For example, if your career goal is to work in eco-home building, and you are applying for a position as a project manager at a commercial building company, try building a link from the work that company does, and the experience you would gain in that role, to ultimate long-term goal.

Sample answer

“What are you looking for in your next role?”

  • “I want to someday specialize in eco-friendly homebuilding, so I hope to work for a company that supports professional development through certifications and courses in environmentally responsible building practices.”

Even if the company doesn’t already have a professional development course in place, this could very well prompt them to do so, upon which you’d find yourself in an excellent position!

Why hiring managers ask what you’re looking for in your next role

Hiring managers have one purpose when they ask, “What are you ideally looking for in your next role?” It may sound like a trick question, but it’s pretty straightforward: they want to know if your goals line up with the company’s goals and what the position entails. They’re trying to get an idea if this is the right position for you. They want to know what you liked (or didn’t like) about your last position, and why you’re looking to leave your current position. It's important to be honest and direct: if the position can't offer anything that aligns with what you're looking for, it's best to let the interviewer know before you get too far into the interviewing process.

Make sure that your answer isn’t vague. Saying something like, “Well, I’m keeping an open mind” sends a message to the hiring manager that says, “I am not going to commit to this job or the company.” So what should you say instead? 

Sample answer

“What are you ideally looking for in your next role?”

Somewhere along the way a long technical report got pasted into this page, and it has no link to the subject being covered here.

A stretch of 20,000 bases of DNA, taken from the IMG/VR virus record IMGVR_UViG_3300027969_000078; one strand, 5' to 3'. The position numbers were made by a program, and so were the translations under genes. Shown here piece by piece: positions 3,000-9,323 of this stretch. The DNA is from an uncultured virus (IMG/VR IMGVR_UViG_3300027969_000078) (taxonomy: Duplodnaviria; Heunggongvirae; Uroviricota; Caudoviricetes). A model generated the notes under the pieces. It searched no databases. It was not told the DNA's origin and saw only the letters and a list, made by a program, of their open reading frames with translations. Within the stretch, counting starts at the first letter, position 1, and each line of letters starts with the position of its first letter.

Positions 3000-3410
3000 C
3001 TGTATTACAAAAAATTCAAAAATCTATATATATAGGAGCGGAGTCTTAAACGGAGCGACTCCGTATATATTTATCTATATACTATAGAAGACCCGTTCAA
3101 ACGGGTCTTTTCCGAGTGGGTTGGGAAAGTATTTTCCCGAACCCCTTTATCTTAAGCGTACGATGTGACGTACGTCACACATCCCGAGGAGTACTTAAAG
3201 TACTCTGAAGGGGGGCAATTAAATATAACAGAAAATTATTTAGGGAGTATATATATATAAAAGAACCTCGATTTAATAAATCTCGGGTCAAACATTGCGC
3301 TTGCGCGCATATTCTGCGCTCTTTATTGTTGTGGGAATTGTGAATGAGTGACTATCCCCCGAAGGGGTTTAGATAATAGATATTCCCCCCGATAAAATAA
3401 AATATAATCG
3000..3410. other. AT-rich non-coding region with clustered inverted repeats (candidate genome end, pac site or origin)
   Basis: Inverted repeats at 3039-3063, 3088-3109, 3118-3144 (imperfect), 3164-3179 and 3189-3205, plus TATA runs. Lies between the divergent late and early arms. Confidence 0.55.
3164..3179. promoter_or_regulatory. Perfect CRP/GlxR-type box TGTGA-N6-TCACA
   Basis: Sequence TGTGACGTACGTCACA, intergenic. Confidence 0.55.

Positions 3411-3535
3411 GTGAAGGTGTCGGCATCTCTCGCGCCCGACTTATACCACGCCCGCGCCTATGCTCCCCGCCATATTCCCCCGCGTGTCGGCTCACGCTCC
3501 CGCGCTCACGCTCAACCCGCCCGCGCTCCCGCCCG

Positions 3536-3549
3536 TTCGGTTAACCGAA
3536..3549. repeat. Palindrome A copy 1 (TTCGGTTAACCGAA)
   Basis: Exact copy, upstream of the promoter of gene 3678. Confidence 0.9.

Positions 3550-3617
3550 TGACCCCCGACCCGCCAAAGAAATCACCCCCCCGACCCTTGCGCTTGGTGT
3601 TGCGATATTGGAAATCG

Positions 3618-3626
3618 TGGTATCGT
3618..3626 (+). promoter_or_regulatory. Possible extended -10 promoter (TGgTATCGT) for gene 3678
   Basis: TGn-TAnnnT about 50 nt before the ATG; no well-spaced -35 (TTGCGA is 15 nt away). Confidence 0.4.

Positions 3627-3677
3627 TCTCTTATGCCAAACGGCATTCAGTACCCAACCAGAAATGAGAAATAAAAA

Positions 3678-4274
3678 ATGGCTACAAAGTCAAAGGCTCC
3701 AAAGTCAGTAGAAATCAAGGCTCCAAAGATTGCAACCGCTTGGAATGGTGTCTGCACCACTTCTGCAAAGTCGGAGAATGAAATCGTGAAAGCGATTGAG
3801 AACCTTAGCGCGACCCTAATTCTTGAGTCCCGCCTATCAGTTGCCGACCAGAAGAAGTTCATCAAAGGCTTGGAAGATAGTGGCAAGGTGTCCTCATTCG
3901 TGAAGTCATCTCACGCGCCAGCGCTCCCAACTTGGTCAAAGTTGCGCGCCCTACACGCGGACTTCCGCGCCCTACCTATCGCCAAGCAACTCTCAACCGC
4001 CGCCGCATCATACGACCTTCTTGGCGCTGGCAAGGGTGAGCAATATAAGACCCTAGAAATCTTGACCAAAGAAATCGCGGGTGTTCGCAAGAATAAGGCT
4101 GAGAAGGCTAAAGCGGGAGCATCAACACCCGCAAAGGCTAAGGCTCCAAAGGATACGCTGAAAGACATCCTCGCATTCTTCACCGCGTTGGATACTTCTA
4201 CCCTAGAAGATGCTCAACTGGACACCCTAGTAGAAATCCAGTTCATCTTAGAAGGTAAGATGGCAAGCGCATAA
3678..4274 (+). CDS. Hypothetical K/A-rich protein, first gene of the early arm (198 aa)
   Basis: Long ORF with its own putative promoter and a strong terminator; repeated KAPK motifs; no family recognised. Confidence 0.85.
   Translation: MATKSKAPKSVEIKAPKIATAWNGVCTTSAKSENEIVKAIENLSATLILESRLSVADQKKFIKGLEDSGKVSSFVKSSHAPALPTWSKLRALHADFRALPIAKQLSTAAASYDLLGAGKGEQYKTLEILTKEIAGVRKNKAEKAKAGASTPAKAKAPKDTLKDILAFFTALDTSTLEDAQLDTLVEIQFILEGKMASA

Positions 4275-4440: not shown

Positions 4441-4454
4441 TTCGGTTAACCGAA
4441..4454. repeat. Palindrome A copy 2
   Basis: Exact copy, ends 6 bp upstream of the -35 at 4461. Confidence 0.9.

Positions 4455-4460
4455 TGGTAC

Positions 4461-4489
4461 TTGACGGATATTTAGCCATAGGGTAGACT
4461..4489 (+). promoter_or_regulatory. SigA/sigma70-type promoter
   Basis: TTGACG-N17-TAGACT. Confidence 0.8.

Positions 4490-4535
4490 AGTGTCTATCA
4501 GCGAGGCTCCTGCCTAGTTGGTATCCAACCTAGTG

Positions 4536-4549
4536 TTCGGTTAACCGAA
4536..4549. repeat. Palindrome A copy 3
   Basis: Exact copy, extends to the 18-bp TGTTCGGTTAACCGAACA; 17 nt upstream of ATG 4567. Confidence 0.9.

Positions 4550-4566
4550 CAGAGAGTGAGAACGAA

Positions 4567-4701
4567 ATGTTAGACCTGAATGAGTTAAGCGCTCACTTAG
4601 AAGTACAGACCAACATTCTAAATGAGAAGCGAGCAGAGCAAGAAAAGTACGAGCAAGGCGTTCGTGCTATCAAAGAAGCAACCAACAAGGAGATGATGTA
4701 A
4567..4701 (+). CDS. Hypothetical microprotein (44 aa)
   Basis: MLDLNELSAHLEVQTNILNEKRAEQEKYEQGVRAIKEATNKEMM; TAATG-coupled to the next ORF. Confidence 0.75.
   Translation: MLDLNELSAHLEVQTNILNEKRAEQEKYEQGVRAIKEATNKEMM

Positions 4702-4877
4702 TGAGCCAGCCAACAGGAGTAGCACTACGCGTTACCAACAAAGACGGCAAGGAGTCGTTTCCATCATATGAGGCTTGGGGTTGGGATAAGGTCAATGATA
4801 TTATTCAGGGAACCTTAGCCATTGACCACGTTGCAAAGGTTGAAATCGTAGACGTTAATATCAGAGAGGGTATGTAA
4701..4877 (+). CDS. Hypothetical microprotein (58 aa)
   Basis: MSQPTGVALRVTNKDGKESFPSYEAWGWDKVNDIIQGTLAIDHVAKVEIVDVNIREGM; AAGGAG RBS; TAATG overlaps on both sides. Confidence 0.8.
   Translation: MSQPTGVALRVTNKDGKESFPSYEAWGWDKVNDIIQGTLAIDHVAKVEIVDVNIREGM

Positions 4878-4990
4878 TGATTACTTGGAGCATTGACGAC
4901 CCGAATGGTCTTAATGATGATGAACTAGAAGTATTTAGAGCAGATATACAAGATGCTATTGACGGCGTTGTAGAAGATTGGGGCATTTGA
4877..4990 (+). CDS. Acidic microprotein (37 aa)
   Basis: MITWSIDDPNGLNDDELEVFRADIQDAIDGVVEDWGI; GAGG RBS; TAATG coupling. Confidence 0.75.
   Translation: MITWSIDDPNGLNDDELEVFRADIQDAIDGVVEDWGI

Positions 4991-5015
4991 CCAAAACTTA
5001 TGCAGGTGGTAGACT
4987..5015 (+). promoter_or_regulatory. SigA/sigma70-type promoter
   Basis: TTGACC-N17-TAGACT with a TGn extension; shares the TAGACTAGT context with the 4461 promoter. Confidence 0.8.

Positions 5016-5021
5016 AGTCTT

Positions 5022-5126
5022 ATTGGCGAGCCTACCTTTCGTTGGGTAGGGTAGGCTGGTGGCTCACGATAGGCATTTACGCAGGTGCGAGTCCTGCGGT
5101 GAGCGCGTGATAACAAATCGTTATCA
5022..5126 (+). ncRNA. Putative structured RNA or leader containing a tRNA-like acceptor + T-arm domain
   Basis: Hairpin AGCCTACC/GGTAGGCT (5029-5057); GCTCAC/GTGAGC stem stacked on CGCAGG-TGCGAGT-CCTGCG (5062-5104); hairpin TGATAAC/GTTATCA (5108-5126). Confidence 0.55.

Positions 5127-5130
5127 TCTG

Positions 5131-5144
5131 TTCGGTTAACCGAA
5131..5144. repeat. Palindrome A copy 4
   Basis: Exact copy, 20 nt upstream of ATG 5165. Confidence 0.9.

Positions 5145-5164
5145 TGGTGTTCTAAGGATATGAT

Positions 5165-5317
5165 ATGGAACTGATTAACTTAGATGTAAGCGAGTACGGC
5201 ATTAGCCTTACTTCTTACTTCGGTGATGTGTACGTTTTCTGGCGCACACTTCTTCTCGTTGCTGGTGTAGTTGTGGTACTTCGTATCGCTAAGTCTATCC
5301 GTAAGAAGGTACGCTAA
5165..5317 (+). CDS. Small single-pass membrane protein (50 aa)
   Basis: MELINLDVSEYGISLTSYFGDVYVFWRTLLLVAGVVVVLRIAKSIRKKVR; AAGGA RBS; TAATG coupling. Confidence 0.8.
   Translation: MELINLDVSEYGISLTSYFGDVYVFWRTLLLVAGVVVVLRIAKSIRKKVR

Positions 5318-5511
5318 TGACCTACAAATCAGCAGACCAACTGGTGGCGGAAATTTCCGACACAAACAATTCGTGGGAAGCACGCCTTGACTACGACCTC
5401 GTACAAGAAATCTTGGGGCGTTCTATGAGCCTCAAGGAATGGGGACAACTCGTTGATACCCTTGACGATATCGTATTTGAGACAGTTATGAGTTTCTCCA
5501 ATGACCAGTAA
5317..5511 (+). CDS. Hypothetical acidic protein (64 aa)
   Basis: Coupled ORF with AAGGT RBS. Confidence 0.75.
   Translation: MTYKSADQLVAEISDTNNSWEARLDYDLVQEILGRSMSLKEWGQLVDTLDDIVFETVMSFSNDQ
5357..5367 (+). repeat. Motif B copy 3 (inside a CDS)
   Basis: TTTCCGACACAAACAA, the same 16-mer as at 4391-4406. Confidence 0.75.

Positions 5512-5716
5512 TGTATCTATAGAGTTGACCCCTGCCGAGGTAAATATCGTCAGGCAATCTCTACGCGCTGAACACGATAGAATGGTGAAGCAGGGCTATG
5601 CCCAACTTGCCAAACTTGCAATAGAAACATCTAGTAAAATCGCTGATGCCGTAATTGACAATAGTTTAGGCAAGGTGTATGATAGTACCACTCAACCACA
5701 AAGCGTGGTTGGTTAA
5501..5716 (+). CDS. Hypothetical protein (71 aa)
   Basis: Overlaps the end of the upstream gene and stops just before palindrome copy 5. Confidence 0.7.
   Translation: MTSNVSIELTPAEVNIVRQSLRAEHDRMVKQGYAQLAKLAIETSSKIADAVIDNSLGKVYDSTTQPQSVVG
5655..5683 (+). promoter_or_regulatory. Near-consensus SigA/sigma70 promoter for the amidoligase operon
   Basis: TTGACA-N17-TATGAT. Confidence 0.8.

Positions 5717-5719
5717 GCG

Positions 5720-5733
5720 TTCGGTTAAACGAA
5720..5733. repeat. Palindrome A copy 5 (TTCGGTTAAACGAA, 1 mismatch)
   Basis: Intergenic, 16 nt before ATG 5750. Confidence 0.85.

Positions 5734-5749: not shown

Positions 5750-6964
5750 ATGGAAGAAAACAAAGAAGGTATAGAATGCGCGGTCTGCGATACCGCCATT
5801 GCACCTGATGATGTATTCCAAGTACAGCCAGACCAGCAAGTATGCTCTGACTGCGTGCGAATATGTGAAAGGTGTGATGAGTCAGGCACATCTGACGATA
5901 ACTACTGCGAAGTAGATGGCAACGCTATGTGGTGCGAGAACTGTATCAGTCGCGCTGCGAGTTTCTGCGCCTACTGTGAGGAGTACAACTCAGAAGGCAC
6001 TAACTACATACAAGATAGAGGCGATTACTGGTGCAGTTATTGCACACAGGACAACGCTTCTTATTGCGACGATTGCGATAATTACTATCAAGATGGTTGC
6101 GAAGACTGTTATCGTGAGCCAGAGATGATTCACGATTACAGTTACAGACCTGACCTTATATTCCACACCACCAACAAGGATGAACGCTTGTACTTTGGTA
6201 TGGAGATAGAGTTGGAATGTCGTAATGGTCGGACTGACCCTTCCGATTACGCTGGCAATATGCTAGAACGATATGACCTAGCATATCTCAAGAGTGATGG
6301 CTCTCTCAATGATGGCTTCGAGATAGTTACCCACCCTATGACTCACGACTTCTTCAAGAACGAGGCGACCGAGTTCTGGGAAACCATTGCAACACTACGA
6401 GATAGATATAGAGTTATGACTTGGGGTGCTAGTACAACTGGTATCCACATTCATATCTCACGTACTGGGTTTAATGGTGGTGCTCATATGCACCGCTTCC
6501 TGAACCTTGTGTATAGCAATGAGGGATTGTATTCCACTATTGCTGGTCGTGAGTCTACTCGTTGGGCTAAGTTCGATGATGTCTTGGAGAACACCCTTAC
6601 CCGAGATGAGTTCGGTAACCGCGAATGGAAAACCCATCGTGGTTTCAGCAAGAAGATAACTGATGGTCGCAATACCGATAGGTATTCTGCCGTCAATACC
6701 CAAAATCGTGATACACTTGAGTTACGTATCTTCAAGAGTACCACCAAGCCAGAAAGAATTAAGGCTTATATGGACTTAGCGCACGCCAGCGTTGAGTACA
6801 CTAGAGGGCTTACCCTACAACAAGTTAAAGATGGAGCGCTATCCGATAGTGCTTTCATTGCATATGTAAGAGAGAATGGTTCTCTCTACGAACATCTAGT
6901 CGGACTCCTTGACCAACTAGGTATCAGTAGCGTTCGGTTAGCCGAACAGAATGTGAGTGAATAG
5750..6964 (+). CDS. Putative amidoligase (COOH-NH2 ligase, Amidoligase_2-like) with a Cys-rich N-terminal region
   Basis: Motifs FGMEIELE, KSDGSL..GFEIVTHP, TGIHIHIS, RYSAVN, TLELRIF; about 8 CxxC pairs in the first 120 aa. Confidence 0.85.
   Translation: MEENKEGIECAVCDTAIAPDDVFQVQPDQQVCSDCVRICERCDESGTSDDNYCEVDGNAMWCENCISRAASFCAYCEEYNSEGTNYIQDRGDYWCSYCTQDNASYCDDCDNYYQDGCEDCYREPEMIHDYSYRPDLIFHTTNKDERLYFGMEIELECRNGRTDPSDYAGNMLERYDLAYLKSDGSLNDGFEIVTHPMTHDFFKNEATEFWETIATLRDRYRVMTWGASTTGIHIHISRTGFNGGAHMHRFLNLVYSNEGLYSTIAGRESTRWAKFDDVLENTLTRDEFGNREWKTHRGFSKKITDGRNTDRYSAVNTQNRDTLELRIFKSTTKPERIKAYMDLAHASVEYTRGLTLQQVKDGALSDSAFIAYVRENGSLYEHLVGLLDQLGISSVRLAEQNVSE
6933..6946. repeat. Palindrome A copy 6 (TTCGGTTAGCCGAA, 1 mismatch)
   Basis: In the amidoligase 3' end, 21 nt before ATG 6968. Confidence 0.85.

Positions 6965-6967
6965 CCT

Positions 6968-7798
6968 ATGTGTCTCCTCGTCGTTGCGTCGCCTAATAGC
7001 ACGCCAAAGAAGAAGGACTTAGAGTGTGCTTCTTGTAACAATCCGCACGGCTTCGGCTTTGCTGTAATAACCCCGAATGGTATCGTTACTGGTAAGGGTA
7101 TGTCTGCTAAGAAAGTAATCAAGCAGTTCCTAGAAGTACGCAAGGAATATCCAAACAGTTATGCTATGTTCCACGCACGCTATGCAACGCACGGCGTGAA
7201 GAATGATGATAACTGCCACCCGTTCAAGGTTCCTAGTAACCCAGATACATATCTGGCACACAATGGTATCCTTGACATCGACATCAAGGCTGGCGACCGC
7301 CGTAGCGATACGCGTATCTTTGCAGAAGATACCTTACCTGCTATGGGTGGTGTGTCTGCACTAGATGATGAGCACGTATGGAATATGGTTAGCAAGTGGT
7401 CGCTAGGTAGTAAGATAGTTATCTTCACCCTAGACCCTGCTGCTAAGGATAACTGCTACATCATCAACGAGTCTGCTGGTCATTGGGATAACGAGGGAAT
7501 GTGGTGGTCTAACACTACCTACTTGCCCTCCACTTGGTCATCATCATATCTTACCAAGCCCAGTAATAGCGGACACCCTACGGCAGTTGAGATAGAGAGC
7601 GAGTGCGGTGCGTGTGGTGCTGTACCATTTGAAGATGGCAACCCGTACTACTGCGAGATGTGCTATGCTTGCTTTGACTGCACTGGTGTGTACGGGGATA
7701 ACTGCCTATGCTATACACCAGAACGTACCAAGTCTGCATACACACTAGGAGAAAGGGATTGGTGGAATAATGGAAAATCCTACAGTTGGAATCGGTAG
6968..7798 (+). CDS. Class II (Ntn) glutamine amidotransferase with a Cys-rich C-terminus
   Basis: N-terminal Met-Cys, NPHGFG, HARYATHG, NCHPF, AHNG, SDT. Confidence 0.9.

• “I have been in my current position at ABC Company for five years. I’ve liked working there and I feel I’ve made significant contributions to the Marketing team, but I'm no longer finding the work itself to be gratifying. Since my company underwent a restructuring process last year, I am no longer doing much in the way of client-facing work, which is what I've always found most rewarding.

Ideally, what I’m looking for in my next role is a chance to interact more with clients in a way that is productive and beneficial for the company. I’m also interested in working for a company with strong values that focus on community involvement and reducing their overall carbon footprint, which is something I know is also important to this company.”

Don’t forget to do your research!

A great way to use your goals to your advantage during an interview is to research the company beforehand. The best work environments are mutually beneficial. So, if you present a goal to your interviewer that aligns perfectly with what the position or company offers, it’ll make you stand out. 

Try mentioning that you’ve always wanted to work for a company that:

  • Hires from within

  • Supports the same charities you do

  • Allows employees to pick their holiday dates

  • Offers the benefits they do (specific benefits, like free childcare, a gym membership, education reimbursement, retirement matching, etc.)

The biggest key to letting your goals guide your career is to honor them. Your goals come from a very personal place, you deserve to see how they play out. Remember, the workforce is competitive, and if you’ve been looking for a job for months, it can be enticing to accept the first offer that comes your way. But in reality, if it doesn’t speak to at least one of your career goals, accepting that job would put you farther away from where you want to be. Of course, along the way, you might uncover new goals you hadn’t thought about before! But keep this in mind as you move through the application process. If something in the back of your head is telling you that a particular position is not for you, it might be worth walking away. 

Thinking about polishing your interviewing skills? Our Interview Prep tool offers customized AI feedback to help build your confidence and ace your next interview.

Key takeaways

  1. Goals are more like guidelines than rules. Let them flow with you.

  2. Use your goals to your advantage in an interview. Research the company beforehand to make your goals align with what they offer. 

  3. The right opportunity will present itself; only take a job if you’re sure it fits into your goals in some way.